The Beginning

The rapid urbanization of America during the last decade of the nineteenth century brought sweeping social and economic changes.  Cities were acquiring a modern twentieth century look.  Metal frameworks allowed buildings to soar to an amazing ten stories above street level. Steel-girded bridges spanned rivers, while tunnels burrowed under cities to create subway lines.  Cobblestones were replaced by millions of square yards of asphalt pavement.  Electricity illuminated city streets and by the middle of the decade powered over 10,000 miles of urban trolley lines.  The improvement in public transportation provided millions of city dwellers with additional freedom to explore recreational outlets.  The love affair of Americans with sports firmly took root in this decade; this was the setting for the birth of a sport that was destined to become synonymous with big cities.

The history of basketball is unique.  The story of the early development of most sports is a blend of conjecture and myth.  Sports traditionally evolve through a period of sporadic growth, with early interest confined to limited areas.  Basketball was different. The game’s invention can be traced directly to one man, a young, Canadian-born, physical education instructor.  Within a few years of his invention, he saw his game being played coast to coast.

In the winter of 1891, James Naismith, a thirty-year-old instructor at the International YMCA Training School in Springfield, Massachusetts was assigned the task of creating a winter indoor activity for the school’s gymnasium classes.  He drew up thirteen rules for his new creation and posted them for the students.  The first game was played in mid-December in the basement of the Springfield YMCA. Wooden peach baskets were used as goals because the boxes Naismith had envisioned were not available.  The two baskets at either end of the gym were placed at a height of ten feet because that happened to be the height of a balcony that surrounded the court. The class of eighteen students that divided into two nine-man teams used a soccer ball.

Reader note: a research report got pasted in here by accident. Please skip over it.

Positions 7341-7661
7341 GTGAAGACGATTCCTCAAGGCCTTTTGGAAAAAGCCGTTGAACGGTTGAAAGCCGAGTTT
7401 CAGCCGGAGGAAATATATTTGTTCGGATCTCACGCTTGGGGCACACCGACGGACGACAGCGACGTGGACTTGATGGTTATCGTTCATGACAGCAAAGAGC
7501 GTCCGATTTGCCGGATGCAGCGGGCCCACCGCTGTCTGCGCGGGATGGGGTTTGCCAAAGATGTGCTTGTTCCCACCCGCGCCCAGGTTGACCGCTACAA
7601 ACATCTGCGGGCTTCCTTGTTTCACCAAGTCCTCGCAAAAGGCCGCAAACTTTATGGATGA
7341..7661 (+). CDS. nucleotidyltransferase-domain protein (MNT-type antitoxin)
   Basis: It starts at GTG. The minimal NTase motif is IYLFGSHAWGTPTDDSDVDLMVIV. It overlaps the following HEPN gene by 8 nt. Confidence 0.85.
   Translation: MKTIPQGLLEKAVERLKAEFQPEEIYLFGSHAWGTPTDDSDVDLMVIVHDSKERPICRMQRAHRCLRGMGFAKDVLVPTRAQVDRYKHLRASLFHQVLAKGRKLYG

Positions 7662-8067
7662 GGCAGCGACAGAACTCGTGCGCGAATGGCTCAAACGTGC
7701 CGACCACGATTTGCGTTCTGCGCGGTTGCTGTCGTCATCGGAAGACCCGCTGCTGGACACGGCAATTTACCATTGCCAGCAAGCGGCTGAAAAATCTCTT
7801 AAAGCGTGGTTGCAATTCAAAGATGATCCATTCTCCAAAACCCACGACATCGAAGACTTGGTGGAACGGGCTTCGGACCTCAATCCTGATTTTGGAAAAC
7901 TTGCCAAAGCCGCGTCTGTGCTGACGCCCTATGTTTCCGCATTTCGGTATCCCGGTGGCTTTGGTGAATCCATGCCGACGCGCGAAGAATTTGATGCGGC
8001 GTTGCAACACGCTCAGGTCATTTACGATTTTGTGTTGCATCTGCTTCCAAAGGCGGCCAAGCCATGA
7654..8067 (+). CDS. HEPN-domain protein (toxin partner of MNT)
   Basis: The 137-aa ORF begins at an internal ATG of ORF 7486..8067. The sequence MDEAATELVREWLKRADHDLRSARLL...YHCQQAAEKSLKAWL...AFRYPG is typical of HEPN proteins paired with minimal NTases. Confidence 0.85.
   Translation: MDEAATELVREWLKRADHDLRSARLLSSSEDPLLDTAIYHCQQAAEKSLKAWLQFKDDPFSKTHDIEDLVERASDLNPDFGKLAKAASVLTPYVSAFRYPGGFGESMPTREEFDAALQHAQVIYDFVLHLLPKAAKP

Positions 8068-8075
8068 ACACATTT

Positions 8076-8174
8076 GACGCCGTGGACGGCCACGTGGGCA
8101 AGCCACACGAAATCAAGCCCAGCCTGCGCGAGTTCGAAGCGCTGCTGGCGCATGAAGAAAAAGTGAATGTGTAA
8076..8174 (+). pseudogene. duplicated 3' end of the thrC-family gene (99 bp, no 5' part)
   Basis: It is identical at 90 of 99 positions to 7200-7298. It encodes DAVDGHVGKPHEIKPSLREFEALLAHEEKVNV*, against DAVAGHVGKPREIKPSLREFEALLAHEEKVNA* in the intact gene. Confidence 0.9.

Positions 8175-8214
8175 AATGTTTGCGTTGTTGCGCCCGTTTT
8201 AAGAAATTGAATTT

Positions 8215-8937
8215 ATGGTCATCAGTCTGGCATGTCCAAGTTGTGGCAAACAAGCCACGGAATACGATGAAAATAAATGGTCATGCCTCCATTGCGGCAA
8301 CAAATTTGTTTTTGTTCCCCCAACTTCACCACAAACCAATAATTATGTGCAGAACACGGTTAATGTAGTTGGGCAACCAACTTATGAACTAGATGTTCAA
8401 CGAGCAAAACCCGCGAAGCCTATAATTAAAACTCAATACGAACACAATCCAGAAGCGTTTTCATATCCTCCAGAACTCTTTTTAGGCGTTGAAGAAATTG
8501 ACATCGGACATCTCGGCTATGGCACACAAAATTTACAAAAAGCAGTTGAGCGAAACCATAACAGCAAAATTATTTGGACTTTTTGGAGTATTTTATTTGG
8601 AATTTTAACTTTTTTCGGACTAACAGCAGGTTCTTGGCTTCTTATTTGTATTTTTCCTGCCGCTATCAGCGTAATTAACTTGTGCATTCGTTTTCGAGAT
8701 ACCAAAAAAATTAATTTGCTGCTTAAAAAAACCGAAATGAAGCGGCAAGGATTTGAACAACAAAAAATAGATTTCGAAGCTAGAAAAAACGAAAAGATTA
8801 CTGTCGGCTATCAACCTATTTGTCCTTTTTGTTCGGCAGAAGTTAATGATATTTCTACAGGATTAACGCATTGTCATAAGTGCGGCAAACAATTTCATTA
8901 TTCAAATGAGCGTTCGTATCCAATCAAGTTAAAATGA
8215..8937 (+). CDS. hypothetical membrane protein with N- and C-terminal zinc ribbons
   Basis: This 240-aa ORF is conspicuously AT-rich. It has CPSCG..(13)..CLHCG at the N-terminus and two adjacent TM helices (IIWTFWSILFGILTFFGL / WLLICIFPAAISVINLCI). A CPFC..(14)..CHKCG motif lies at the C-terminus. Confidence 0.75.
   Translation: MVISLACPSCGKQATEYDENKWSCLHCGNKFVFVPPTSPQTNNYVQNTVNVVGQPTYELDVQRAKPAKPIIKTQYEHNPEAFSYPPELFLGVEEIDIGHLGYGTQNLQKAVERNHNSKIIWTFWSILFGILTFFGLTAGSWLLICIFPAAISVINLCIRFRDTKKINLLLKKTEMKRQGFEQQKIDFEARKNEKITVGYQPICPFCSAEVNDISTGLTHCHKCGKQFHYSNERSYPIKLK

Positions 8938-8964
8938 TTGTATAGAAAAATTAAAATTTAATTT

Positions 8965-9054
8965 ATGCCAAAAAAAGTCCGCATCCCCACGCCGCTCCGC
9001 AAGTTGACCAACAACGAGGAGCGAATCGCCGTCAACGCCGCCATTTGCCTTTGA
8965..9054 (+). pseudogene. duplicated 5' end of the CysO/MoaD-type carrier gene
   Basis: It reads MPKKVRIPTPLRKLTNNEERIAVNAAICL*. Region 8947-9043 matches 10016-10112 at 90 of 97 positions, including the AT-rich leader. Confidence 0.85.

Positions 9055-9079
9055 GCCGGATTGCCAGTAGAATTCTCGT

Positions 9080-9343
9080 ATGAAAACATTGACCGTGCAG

Naismith probably would be hard-pressed to recognize his invention in its modern form with its spectacular above-the-rim play and triple-digit scoring.  Although altered and refined many times, the majority of his thirteen rules remain in place to this day.  The ball may be thrown or batted in any direction with one or both hands (1 & 2). A player may not run with the ball (3), and may be removed   from the game for excessive fouling (5). A goal is scored when the ball is thrown in the basket (8). An official determines fouls and violations (10 & 11) The contest is divided into timed segments of play (12), with the side scoring the most points at the end of the game declared the winner(13). Missing altogether from Naismith’s original rules were any provisions for dribbling the ball, or the awarding of free throws for fouls.  It was not until 1895 that the number of players per team was set at five.

Success was instantaneous.  “Basketball fever” quickly spread as Naismith’s pupils moved on to assignments throughout the country, where they staged exhibitions of the new sport and soon organized teams and leagues.  The distribution of Naismith’s rules through YMCAs stimulated an almost simultaneous eruption of interest in the game from coast to coast.  Within a few years, the game’s popularity was such that regional leagues were springing up everywhere, and soon sectional championships were being contested.